Talk From The Rock Room: Put the Boot In: Harry Nilsson - 1971 The Music of Nilsson 'Listen to My Song'

Saturday, July 18, 2015

Put the Boot In: Harry Nilsson - 1971 The Music of Nilsson 'Listen to My Song'

Jamming visually and audibly today in the rock room is a stellar video document of Harry Nilsson ‘In Concert’ from the aptly titled The Music of Harry Nilsson broadcast in 1972. Ironically, Nilsson never performed live in concert and this particular performance was recorded in the studio with the audience applause overdubbed after the fact. This is no way affects the absolutely stunning performances contained herein. There is plenty of intimate footage and sticky sweet songwriting to go around. The half hour special plays more like a movie short or long play music video using goofy effects and some cool animation spots to accompany the music.

Luckily this performance captures one of the most extraordinary singer/songwriters of our time in an emotionally stirring and low key setting. Nilsson’s personality is put beneath glass for the duration of the performance, bearing his soul and sharing his gift through truthful renditions of many of his finest compositions. The entire half hour performance is available because of the loving time and effort of an enterprising fan. Clips have been put together seamlessly and from multiple sources to create perfect representation of the 1972 BBC broadcast. It could be and should be an official release.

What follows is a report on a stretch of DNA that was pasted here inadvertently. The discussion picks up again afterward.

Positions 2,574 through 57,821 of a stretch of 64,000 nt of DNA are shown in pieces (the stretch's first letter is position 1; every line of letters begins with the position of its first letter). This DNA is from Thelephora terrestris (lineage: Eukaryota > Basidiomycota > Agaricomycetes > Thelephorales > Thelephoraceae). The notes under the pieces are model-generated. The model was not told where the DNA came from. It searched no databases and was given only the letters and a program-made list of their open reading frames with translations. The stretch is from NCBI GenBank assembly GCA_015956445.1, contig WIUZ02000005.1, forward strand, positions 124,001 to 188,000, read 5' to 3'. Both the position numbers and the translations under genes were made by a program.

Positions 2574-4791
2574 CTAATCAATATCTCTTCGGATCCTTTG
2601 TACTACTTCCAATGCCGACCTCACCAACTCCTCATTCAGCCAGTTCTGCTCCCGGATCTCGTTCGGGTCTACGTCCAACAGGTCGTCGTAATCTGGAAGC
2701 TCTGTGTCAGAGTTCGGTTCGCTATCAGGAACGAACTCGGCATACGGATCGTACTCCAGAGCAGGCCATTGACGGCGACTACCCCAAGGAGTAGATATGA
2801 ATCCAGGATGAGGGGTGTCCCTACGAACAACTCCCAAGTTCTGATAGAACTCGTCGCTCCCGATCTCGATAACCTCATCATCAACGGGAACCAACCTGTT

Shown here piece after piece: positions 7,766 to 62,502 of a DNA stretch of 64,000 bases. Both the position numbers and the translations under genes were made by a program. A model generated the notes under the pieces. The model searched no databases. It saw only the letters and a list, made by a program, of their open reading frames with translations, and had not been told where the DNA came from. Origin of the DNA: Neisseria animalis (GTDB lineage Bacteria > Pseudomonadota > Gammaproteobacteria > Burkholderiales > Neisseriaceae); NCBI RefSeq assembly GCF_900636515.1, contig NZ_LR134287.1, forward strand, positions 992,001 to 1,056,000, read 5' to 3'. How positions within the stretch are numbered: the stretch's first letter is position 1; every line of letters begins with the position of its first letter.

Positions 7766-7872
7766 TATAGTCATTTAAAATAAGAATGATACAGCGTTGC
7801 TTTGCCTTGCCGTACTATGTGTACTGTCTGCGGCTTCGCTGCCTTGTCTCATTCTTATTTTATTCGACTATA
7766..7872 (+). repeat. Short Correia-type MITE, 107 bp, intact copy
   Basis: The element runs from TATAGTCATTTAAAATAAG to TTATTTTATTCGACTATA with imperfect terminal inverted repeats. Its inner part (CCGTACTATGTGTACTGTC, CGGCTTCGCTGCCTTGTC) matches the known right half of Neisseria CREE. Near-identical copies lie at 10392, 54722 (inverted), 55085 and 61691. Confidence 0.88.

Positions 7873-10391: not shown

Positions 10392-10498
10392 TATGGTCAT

The concert features Nilsson solo, with voice and piano (sometimes guitar) and some silly shenanigans to keep things interesting and to deflect some of the cameras from their subject I’m sure.
The performance opens with the dampened blue and rolling saloon introduction of ‘Mr Richland’s Favorite Song’, a shifty narrative outlining a confused rock star and his equally special admirers.  Nilsson’s vocals are gripping, wringing the storyline from the songs shadowy melody. The verses of ‘Richland’ move in and out of the Nilsson original and 1969 hit for ‘Three Dog Night’, ‘One’ and back into ‘Mr. Richland’ seamlessly. The song then continues into a wordless scat sung outro jam where Nilsson rises and falls with regal resonance, a beautiful conclusion and opening.

After the simulated audience participation, Nilsson bounds into ‘Got To Get Up’ from  1971’s Nilsson Schmilsson, his succinct piano melody evoking a melodic hustle and bustle and the inevitably of time. This rendition is sparse in comparison to the big sound of the studio rendition, but is no less effective. Nilsson’s colored piano trills that conclude the song are especially inspiring.
‘Walk Right Back’ follows, a cover song probably learned via the Everly Brothers, the song weaves and bobs on a delicious Nilsson piano line. Two Harry’s share the piano bench harmonizing together. Verse two begins and a third Harry appears lending the sparkling counter melody and eventually some wheezing harmonica. The footage is 1970’s antiquated with its split screen, but stunning in its portrayal of Nilsson’s stratified vocal styling’s and quirky sense of humor.  The triad of Harry’s segue into a honky-tonk appearance of ‘Let the Good the Good Times Roll’ and conclude with a glimpse of Nilsson watching himself amidst a snoozing crowd of onlookers.

The delicate simplicity of “Life Line’ from  Nilsson’s 1971 LP and story The Point makes a welcome and rare appearance. His performance here reminds me of a John Lennon home demo tape in its scarce but effective lyrics and chanted piano mantras. Nilsson’s influence on Lennon is obvious when this track is analyzed. Nilsson uses vibrato and vocal droning effects to enunciate the succinct lyrics. His voice is indescribable in its perfect expression of Harry’s soulful air.